I'm all in favour of tax simplification, but I can't see that it is the solution by itself. After all, VAT is a pretty simple tax to calculate - just a percentage of turnover, no complicated reliefs and allowances - and yet under-collection of VAT represents over a third of the total tax gap according to these figures! The problem is also down to under-resourcing and inept management at HMRC - and, yes, the two go hand in hand. The last thing we need is to address only the first of these and end up with a Revenue service that costs us twice as much to run yet collects the same amount of tax!

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By adoggett
20th Sep 2010 14:36

The Tax Gap... Where you produce a system of taxation which is too complex or complicated, the taxpayer will not understand... and you cannot expect the taxpayer to keep asking for advice from professionals, who may not be able to answer..  You may lose income just by the fact that the taxpayer does not know what to do, or how to complete a form correctly. Each revision of tax, whether Vat National Insurance Multiple direct and indirect taxes... just adds another layer of complexity to the whole 'thing'.  So simplify without adding layers, ... all that penny grabbing over the last few years, 800 page budgets, virtually all of which were a waste of time... have now clogged the wheels of taxation.. and if the revenue do not have suffiient staff to carry out the job or oversee, then there is a big problem looming.. Pehaps it is now time for the Chancellor's post to become independent from government, similar to the Bank of England.. Ashley Doggett FCA

 

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By Nick Graves
20th Sep 2010 14:41

The logical consequence of the new penalty regime?

Looking at the VAT situation, I am beginning to wonder if the draconian new penalty regime may be affecting taxpayers' psyche? If you're gonna be hanged for a sheep, you might as well nick the whole bloody flock and the barn...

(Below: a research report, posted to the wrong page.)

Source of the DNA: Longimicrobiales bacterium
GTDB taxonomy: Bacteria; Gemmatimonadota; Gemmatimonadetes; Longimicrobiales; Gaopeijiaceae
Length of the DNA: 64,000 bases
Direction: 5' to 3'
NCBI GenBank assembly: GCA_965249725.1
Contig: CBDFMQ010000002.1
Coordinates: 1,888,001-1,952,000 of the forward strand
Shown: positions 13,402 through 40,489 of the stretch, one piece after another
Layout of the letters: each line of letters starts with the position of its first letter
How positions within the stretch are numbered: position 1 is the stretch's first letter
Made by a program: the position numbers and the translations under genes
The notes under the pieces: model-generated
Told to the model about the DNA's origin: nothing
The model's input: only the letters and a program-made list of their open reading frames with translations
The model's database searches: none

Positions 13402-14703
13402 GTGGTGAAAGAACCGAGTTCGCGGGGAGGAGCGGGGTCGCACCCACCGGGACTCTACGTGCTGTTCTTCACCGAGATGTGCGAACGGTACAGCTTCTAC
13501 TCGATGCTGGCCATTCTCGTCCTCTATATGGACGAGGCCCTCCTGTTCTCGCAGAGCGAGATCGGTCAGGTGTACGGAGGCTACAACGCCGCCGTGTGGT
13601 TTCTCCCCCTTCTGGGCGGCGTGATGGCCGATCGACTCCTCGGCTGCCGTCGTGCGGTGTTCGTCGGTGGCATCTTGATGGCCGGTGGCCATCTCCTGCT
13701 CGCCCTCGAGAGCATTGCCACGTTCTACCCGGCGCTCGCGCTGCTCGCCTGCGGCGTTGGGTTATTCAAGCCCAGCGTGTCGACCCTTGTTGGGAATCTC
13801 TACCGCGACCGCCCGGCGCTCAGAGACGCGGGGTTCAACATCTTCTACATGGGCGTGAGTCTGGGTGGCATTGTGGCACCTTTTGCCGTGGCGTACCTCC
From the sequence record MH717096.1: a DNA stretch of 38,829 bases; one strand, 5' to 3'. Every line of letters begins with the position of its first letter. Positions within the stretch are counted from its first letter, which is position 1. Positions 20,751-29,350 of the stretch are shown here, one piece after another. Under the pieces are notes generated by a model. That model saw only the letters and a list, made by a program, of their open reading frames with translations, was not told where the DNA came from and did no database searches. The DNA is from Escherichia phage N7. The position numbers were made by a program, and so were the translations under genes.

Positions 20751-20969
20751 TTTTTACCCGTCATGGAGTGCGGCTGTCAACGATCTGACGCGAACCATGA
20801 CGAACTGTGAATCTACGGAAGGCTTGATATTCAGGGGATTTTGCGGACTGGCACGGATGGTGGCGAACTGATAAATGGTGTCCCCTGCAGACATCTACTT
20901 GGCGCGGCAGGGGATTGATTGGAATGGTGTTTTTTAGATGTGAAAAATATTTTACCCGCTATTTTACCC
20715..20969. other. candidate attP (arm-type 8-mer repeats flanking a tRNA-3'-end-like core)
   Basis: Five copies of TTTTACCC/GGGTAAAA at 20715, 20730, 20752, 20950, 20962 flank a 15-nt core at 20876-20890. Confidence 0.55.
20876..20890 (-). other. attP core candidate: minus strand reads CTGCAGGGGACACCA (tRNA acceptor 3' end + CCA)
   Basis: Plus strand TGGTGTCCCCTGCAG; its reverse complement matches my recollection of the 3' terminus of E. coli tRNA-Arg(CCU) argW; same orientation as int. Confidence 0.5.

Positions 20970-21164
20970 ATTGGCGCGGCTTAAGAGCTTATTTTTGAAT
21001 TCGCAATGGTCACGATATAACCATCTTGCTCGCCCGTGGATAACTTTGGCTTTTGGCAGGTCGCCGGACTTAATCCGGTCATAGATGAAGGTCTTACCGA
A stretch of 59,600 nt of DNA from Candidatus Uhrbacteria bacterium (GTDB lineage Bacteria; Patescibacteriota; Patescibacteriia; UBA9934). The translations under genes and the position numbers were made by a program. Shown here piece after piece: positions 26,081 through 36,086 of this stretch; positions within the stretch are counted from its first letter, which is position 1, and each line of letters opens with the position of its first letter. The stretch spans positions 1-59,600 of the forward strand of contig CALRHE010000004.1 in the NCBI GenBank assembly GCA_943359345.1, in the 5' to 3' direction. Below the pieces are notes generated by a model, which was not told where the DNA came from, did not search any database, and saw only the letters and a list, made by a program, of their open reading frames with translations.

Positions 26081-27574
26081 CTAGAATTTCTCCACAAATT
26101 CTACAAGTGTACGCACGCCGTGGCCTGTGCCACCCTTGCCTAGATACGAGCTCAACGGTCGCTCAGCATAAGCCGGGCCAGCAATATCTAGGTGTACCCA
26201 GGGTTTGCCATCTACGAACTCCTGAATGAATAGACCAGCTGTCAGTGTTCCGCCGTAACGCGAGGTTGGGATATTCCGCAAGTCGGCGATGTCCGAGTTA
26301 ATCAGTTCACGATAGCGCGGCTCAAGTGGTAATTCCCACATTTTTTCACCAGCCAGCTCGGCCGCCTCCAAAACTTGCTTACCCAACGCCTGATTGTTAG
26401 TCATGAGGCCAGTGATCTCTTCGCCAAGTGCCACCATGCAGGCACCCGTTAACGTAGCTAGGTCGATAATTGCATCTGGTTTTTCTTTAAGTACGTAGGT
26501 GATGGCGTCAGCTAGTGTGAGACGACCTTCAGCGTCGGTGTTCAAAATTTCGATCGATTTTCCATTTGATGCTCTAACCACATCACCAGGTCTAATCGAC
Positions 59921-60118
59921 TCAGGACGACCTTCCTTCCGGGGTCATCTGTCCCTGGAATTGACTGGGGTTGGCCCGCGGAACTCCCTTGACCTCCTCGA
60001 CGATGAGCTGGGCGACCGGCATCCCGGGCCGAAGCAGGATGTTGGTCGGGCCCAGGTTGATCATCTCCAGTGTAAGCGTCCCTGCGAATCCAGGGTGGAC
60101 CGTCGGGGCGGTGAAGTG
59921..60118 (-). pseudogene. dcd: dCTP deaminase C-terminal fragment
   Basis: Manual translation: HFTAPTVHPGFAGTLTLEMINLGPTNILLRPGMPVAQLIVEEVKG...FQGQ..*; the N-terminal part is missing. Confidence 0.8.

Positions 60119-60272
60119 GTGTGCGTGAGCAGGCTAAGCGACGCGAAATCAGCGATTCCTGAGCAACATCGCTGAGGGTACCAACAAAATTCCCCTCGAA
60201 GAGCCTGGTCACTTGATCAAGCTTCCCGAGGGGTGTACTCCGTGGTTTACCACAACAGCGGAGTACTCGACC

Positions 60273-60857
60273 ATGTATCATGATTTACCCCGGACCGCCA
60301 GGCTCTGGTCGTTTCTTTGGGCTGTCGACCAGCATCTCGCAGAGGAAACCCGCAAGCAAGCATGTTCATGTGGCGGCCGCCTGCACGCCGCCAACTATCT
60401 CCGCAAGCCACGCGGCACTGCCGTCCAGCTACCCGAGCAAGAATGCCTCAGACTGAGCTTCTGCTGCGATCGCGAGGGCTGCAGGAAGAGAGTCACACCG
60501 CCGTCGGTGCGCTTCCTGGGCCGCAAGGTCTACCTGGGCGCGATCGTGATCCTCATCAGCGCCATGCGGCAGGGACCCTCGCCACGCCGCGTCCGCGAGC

It is an obvious corollary to anyone with commonsense, which is why HMRC won't have though of it. I have heard the big triangualtion frauds etc are on the increase.

 

 

 

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By frustratedwithhmrc
20th Sep 2010 15:24

VAT is Simple?

I agree that VAT is simple at the basic level of guy walks into a shop and buys a TV and the shop charges 17.5%. From that perspective, it is simple. However it is when you add the various types of VATable and non-VATable supplies and what does a VATable business charge for a zero rated supply to Belgium for an end customer in Holland, etc. HMRC's VAT guide is already 200+ pages and probably more when considering all of the industry specific guidance notes.

The main problem with VAT though is various VATable organizations charging a 'discount for cash'. This is a massive problem at the moment in various Business-to-Consumer trades. Come January 2011 when it climbs up to 20% it is going to be a free-for-all.

Clearly this is evasion, but it is a non-linear problem. While the amount of evasion is small, it can be handled by government enforcement. As it becomes more widespread it becomes impossible to enforce, leading more people to evade it (i.e. a cascade effect). Once there is widespread evasion, it becomes impossible to enforce on even the most law abiding citizens.

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By DavidorJoy
20th Sep 2010 19:11

Short paid tax by S/E

So - how do they know tax is short paid

I would like to know How HMRC (aitch not Haitch) get their figures.

None of my 150 SA clients pay less tax than is due.

Complete rubbish, I feel.

David Harrison - thinking of early retirement.

 

 

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By ThornyIssues
21st Sep 2010 07:55

Simplification

Nigel says :-

I'm all in favour of tax simplification, but I can't see that it is the solution by itself. After all, VAT is a pretty simple tax to calculate - just a percentage of turnover, no complicated reliefs and allowances - and yet under-collection of VAT represents over a third of the total tax gap according to these figures! The problem is also down to under-resourcing and inept management at HMRC - and, yes, the two go hand in hand. The last thing we need is to address only the first of these and end up with a Revenue service that costs us twice as much to run yet collects the same amount of tax!